UPDATE: 06-06-11
I had planned on flying this product at a nearby baseball field this past weekend, but my elderly father fell down and now requires near-constant assistance, so I have to stay home for the indefinite future.

UPDATE: 04-28-12
I was flying it in the senior park I call "home", and a gust of wind carried it far, far, FAR away!!!
Boy, when mother Nature goes on the rag, she is one pissed woman, tell you what!!!

Since is is now lost, the dreadful "" icon will have to be used for the very first time on this website -- additionally, the "" icon will also be displayed because I really did love this studly little {or "not-so-little"} heli.

My sister made a video of this unfortunate flight (I chose her to be the cinematographer {or "videographer" if you prefer}) while I flew the copter, but since she clearly spoke a toliet word (the "S" word) when the wind got ahold of this heli, I won't publish it on this website. This website was designed to be "child-friendly" in that regard, so it was the only right thing to do.

UPDATE: 04-28-12
No, you aren't seeing things.
Yes, a same-day update!

Guess what I found?
Cummon, you know this one by now...
Take a whack at it anyway...

If you guessed,
"the Sacred Chalice of Rixx
**" (an old clay pot with mould growing inside it) then...

The correct answer is...
I found it in an adjoining senior park; aided greately by my having taken several photographs of trees where it went down and then reversing them to show what they might look like from the other side (see below); it crash-landed right about where I saw it go down!!! When I saw the trees, I rang the doorbell of the home in front of those trees and asked for permission to go into the gentleman's back yard, which I was rather quickly granted. After going through some rather thick underbrush, I saw it in a small clearing approx. 20 feet (~6.096 meters) west/northwest.

I can now remove (or simply not post at all) those dreadful "" and " icons!!!

Some very minor crash-related damage was rather handily fixed with nothing more than a simple screwdriver, so everything's kosher for my next flight...which (needless to say) won't be taking place here!!!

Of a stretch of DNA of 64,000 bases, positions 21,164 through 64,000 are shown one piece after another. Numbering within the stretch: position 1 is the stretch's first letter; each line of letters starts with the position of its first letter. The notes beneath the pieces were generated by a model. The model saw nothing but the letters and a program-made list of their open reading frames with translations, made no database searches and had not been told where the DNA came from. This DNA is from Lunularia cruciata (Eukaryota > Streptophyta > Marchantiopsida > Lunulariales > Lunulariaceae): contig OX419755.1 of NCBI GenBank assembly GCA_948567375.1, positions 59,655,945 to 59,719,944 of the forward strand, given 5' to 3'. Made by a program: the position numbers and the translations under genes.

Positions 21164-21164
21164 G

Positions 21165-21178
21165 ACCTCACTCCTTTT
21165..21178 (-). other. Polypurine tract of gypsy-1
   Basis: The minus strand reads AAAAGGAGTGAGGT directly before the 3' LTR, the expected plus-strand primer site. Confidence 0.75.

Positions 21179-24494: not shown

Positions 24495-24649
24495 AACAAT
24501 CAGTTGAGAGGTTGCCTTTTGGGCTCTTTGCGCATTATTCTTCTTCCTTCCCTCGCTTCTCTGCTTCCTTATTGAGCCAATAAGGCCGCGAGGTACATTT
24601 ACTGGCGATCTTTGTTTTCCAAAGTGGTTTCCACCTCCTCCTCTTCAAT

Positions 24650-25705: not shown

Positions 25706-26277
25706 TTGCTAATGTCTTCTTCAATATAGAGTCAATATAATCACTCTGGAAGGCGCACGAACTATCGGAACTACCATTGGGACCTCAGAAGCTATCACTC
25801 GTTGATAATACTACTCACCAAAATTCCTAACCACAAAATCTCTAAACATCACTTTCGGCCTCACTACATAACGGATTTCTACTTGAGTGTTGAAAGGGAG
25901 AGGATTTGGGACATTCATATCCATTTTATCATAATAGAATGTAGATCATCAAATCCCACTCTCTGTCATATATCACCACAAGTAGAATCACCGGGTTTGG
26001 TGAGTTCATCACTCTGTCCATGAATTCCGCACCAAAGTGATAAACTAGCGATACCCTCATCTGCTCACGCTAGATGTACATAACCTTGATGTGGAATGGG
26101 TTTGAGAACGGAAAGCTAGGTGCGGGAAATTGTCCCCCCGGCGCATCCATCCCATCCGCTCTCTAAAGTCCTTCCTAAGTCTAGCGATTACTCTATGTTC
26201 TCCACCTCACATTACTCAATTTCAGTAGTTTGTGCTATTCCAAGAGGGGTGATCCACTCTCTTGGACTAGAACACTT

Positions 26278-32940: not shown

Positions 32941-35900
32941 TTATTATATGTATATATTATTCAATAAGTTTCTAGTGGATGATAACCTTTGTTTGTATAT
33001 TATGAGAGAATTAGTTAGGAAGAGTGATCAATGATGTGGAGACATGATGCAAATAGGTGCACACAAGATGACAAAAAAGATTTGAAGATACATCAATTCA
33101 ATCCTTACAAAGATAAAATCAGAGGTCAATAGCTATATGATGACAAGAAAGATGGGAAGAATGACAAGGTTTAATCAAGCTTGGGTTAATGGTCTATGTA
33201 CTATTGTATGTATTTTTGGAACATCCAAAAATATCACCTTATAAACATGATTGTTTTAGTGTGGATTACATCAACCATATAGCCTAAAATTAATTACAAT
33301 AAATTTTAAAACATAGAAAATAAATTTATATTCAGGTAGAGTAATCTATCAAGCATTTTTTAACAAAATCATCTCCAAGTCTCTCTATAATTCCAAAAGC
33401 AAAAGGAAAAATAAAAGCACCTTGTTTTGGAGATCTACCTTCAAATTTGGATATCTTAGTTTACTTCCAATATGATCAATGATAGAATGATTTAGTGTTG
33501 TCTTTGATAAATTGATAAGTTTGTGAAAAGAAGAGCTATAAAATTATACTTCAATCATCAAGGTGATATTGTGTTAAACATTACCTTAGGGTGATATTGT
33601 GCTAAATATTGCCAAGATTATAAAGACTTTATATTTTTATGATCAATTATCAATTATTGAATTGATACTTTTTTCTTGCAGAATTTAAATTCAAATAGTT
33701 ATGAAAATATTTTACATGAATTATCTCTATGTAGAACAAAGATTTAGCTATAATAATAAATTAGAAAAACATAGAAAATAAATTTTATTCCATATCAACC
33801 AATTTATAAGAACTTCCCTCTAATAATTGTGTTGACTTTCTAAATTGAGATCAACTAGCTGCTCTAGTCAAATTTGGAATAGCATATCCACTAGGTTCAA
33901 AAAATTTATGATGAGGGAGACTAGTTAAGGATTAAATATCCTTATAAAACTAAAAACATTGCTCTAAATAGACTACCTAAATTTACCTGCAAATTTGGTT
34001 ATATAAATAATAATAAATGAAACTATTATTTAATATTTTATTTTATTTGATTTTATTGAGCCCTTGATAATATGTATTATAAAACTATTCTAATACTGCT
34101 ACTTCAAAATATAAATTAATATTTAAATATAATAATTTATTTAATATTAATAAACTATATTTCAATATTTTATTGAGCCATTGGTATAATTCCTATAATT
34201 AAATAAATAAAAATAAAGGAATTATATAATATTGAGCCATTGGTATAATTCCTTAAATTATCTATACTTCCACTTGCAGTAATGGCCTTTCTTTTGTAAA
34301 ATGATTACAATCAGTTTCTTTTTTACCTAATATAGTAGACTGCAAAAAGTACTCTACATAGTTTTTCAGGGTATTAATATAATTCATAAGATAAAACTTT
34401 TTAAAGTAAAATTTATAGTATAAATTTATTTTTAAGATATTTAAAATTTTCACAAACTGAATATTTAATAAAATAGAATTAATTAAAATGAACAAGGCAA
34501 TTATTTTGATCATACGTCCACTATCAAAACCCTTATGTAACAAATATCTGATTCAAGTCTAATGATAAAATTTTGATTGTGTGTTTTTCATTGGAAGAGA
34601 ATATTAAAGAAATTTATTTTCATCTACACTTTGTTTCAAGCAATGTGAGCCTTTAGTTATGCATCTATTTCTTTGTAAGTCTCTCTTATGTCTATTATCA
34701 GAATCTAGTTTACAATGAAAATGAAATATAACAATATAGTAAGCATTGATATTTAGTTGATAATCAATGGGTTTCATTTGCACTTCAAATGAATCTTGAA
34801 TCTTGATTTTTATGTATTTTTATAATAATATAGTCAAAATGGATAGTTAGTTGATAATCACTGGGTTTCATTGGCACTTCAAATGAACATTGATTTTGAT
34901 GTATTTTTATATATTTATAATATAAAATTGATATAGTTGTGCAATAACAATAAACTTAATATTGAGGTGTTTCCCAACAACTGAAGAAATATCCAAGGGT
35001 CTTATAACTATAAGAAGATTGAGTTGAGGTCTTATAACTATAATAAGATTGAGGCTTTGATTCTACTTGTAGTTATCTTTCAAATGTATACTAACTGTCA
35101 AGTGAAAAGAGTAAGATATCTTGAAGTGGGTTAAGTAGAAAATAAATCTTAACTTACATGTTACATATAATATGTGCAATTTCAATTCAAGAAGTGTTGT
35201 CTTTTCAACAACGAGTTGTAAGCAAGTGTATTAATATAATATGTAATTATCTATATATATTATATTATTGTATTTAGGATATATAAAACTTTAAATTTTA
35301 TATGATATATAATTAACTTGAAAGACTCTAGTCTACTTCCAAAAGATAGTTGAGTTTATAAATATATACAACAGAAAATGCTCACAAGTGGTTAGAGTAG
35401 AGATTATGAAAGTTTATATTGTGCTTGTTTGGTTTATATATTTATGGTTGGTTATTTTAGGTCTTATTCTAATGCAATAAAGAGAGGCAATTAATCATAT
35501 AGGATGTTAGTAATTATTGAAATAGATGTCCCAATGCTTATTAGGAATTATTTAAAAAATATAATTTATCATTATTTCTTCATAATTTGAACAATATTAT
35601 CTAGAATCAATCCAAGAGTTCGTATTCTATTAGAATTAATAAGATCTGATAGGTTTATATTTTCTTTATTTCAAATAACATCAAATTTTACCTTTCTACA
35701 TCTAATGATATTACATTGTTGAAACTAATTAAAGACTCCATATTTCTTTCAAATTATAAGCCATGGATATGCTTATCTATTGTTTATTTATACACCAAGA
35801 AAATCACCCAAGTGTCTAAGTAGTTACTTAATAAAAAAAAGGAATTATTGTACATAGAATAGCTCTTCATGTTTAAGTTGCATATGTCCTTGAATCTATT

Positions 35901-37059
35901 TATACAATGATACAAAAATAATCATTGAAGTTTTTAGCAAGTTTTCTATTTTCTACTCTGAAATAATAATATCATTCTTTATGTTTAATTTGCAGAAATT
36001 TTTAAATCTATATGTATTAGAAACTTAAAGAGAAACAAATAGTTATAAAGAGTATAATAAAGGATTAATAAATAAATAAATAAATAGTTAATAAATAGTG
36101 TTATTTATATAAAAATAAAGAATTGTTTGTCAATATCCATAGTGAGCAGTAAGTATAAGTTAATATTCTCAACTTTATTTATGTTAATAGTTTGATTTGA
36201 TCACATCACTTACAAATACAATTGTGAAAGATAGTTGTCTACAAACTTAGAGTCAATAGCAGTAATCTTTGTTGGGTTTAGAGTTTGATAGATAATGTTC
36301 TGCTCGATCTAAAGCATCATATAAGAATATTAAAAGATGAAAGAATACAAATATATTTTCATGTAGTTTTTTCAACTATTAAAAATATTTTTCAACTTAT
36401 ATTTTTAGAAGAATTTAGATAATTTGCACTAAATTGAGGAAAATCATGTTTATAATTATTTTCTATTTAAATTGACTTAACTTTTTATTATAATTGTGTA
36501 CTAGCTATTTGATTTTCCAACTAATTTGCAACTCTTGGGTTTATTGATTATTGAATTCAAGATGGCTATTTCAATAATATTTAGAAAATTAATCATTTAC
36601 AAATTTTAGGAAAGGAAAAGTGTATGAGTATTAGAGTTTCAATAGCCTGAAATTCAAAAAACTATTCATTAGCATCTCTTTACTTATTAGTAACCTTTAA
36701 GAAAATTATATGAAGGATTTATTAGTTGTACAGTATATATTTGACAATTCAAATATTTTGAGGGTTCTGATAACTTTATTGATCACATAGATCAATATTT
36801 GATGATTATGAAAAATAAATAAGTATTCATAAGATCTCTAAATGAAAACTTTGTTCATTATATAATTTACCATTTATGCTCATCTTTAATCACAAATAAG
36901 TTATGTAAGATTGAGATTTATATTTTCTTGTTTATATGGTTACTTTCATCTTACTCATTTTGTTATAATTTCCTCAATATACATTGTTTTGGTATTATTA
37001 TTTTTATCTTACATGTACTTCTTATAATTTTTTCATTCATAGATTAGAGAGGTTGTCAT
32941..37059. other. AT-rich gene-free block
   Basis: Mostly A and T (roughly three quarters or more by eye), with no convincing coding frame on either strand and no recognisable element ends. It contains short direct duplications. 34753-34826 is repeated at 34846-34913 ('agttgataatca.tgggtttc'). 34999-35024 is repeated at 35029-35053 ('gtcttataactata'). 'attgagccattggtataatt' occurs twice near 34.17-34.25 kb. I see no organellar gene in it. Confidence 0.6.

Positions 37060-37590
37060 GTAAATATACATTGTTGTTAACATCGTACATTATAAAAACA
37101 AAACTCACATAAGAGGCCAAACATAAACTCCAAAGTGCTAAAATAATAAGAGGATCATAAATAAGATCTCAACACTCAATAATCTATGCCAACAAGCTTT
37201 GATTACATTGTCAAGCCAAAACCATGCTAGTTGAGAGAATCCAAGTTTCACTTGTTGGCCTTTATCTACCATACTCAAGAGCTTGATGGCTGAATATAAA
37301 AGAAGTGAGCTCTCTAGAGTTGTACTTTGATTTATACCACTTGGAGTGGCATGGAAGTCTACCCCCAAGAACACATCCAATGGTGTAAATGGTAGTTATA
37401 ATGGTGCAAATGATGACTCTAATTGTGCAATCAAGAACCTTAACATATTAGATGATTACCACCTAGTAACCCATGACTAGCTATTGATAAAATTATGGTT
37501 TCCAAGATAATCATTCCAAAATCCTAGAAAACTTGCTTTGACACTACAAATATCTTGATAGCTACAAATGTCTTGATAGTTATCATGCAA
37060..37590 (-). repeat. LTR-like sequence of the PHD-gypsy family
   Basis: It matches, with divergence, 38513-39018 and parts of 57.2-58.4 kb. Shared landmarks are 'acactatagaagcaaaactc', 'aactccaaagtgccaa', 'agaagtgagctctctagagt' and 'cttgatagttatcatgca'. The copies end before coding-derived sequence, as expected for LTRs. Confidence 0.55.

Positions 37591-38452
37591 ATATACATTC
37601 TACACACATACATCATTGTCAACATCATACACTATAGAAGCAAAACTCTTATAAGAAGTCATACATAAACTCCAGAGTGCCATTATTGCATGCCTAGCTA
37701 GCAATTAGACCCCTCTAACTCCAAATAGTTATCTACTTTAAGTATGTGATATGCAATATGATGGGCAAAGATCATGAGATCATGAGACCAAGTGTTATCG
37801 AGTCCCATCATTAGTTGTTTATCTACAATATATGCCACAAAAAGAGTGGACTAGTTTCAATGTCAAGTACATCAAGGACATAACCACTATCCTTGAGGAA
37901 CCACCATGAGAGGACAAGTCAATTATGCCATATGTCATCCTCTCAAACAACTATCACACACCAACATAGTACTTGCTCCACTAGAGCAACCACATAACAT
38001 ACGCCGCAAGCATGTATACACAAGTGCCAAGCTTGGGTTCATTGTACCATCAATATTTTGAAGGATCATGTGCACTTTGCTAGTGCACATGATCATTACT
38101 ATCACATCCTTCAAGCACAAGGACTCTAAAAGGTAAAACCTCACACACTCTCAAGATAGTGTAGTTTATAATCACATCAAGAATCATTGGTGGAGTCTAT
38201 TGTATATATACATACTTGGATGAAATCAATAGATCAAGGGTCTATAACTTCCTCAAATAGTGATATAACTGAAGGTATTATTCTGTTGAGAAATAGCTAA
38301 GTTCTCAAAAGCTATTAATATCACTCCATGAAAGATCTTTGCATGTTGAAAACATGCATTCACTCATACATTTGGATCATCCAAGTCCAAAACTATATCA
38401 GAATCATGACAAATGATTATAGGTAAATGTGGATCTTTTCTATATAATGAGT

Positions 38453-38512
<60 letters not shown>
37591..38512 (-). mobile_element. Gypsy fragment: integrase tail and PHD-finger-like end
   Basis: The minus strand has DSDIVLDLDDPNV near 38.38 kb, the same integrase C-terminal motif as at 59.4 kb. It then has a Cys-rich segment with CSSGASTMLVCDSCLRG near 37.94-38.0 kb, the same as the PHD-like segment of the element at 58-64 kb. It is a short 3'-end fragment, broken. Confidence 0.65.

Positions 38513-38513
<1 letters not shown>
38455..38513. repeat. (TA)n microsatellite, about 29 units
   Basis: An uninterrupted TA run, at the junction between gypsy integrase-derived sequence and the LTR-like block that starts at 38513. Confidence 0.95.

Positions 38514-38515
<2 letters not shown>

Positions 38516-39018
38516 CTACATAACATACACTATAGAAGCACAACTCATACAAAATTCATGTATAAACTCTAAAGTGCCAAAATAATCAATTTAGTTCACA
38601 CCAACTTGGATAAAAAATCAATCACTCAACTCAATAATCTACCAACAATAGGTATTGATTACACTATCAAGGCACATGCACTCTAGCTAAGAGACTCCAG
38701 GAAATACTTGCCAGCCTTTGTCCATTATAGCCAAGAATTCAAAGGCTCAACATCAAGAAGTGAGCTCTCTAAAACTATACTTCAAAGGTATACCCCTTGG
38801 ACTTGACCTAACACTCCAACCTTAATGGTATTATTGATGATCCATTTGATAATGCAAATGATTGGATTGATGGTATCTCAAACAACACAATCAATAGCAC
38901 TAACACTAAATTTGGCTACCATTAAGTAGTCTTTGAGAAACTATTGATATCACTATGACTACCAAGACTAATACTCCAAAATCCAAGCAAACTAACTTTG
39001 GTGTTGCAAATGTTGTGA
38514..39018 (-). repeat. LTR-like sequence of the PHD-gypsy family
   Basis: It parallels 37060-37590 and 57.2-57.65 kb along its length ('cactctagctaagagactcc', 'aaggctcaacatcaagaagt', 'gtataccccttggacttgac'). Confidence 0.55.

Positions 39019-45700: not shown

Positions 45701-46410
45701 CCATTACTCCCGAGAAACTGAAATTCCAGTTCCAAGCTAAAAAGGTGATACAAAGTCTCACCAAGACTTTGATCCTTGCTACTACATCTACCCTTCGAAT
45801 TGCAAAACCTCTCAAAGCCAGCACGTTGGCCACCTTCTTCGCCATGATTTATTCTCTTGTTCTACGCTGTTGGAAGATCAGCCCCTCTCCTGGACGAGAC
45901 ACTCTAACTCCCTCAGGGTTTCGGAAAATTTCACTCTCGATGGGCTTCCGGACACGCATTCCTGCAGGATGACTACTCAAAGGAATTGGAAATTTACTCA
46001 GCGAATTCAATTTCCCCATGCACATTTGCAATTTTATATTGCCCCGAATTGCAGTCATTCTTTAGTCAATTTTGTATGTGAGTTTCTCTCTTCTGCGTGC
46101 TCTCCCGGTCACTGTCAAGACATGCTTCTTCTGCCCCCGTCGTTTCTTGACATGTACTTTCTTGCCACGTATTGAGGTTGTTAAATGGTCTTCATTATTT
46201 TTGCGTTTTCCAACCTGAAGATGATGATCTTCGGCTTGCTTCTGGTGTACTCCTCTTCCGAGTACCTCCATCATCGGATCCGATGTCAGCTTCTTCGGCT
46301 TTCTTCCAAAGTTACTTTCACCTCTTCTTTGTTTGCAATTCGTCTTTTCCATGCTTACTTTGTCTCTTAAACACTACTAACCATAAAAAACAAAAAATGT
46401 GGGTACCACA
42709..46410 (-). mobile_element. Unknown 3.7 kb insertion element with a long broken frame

Here's where the crash took place.

And this is the same stand of trees as it might appear from the other side.
See that smaller tree? That was my cue that I was in the correct location; its branches were distinctive enough that it looked very similar to the small tree in the first photograph.

** Pronounced as though it were spelled, "Reeks".

UPDATE: 05-15-12
I had some ***FANTASTIC*** flights of this heli at Celebration Park in Federal Way USA on the 10th and 12th of this month; please see this web page for the videos (two of the same video; one with Anthrax zax and the other without for those who would prefer not to receive an unwanted earwhipping).

The area of the park I flew in contains two socker fields; the photograph directly below shows but a small part of this locale.

UPDATE: 05-21-12
I took it out for a flight on Saturday 05-19-12, but even though it was too windy, I had a heck of a perfect landing -- so good in fact that I drove my wheelchair close to the landing site and took the photograph that now headlines this web page before picking it up and driving off.

UPDATE: 07-16-12
I had a couple of excellent flights on the morning of 07-12-12 in one of the baseball diamonds at Celebration Park in Federal Way WA. USA; although it was still a bit too windy, I kept full control of this brave little (or "not-so-little") heli and shot the photograph of its landing shown directly below.